In the nineteenth century, while the European novel was becoming the preeminent narrative form for grown-ups working through the grown-up problems of marriage, adultery, and career, Americans were writing adventure stories for boys. The classic plot featured a white man — or boy, or man-boy — on the run from the “sivilizing” effects of mothers and wives and responsibility, headed straight for the hearts of dark forests and the open arms of a dark-skinned man. Natty Bumppo had his Chingachgook; Ishmael, his Queequeg; and Huck, an older, wiser, tenderer slave named Jim. It’s almost impossible to overstate the importance of Huckleberry Finn. The great grinding gears of American literary history more or less depend on the myth that Huck and Jim are genuine buddies, and that their friendship is a symbol of golden childhood, homoerotic bonding, the love of the black man for the white, and the utopian pleasures of a floating world free of women. “Come Back to the Raft Ag’in, Huck Honey!” was the title of Leslie Fiedler’s unforgettable 1948 essay on our “national myth of masculine love,” which today survives, in whitewashed form, under the moniker “bromance.”
In “Rivers,” from his new collection COUNTERNARRATIVES: STORIES AND NOVELLAS (New Directions, $24.95), John Keene takes aim at this sacred cow and shoots it straight in the face. The story tracks Jim’s life after the journey down the Mississippi — his domestic arrangement involves not one but two women, an excess of “sivilization” that proves its undoing — and culminates with the former raft mates fighting on opposite sides of the Civil War. Maybe the idea sounds a little corny in summary, but the execution is sure. “Rivers” ends with Jim lying hidden between Montezuma cypresses and raising his sights to an open eye. Huck had
his gun aimed at me now, other faces behind his now, all of them assuming the contours, the lean, determined hardness of his face, that face, there were a hundred of that face, those faces, burnt, determined, hard and thinking only of their own disappearing universe, not ours, which was when the cry broke across the rippling grass, and the guns, the guns, went off.
Counternarratives is an extraordinary work of literature. Keene is a dense, intricate, and magnificent writer. He was an early member of the Dark Room Collective, which in the Eighties and Nineties incubated a significant group of African-American poets whose ranks included Thomas Sayers Ellis, Sharan Strange, Kevin Young, and Natasha Trethewey, and he has translated Brazilian writers as well as texts from French and Spanish. Keene’s first book, Annotations (1995), was an experimental autobiography about growing up in St. Louis. In 2006 he collaborated with the artist Charles Stackhouse on Seismosis, an illustrated book of poems. Counternarratives is his first prose book in twenty years. An encounter narrative is usually a letter or diary entry written by a colonizer about his so-called discovery of native peoples, but Keene’s narratives meld fact and fiction, speculating about events that happened, or didn’t happen but could have, or didn’t happen but should have. Some of them are narrated as interior monologues of historical persons: the African-American composer Bob Cole, who cowrote the musical A Trip to Coontown and drowned himself in a stream in the Catskills; the Mexican poet Xavier Villaurrutia; Miss La La, a circus performer of the 1870s known for being hoisted seventy feet in the air by a rope she held between her teeth, who was also the subject of a painting by Edgar Degas. “I aim to exceed every limit placed on me unless I place it there,” La La says of her constrained acrobatics, “because that is what I think of when I think of freedom.”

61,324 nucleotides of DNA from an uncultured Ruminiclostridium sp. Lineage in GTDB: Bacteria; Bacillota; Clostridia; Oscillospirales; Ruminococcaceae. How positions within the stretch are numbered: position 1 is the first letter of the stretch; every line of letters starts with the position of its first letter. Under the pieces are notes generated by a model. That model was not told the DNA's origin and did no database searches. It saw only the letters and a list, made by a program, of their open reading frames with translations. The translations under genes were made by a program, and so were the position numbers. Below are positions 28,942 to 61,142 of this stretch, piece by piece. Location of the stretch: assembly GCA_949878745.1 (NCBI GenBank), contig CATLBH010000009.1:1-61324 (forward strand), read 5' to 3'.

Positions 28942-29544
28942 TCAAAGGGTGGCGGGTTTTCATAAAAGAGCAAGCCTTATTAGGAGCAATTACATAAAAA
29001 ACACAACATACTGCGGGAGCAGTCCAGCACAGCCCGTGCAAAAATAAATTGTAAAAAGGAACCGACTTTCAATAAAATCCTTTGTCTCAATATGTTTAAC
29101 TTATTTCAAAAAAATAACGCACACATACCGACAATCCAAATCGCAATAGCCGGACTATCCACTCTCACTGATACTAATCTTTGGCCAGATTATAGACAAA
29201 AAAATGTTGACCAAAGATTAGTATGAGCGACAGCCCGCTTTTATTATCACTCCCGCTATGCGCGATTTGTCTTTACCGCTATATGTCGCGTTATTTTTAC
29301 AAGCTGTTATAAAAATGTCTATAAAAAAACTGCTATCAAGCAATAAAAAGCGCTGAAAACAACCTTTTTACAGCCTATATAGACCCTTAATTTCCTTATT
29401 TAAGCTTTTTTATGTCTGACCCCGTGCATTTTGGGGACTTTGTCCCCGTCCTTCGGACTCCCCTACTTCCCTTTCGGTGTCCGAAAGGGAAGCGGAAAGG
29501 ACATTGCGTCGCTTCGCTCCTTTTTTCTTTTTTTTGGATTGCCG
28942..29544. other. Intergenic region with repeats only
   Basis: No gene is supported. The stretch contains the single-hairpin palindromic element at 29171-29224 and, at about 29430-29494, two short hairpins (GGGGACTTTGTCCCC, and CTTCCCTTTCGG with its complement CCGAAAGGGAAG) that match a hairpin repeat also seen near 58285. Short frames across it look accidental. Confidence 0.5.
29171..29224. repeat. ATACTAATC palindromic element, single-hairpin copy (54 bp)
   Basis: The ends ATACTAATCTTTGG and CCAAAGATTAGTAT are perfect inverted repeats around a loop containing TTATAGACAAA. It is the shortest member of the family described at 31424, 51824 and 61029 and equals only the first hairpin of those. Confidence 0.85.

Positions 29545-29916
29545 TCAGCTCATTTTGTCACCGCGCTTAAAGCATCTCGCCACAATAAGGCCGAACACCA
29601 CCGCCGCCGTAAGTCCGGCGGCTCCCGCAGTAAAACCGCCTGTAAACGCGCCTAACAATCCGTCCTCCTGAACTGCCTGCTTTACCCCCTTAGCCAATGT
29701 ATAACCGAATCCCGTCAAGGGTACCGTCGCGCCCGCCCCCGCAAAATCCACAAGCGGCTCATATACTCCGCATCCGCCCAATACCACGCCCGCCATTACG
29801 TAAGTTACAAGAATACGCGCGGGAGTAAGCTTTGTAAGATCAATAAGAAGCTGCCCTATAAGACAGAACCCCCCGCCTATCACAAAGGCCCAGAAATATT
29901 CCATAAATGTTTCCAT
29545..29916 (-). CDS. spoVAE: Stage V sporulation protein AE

It’s a line that could apply to many of Keene’s characters, but La La is the only one who states it so baldly. Most of the stories in Counternarratives evade such clarity of theme, and many of them forgo conclusions, leaving off with em dashes or ellipses, suspended in a moment of indeterminacy. In “The Aeronauts,” for example, a Philadelphia freedman with an uncanny memory joins the Union Army Balloon Corps. The story ends with him in the balloon, feeling “something not quite fear and not quite elation, I can’t put a name to it, I try to utter it but cannot.” Naming it, Keene suggests, would only contain the moment, and make it less than what it is. His characters refuse to accept freedom that is given by others — they either take it by force or resist it altogether. In this way they are also the avengers of Twain’s Jim, who wasn’t aware of his freedom until he had gone to great trouble to gain it a second time.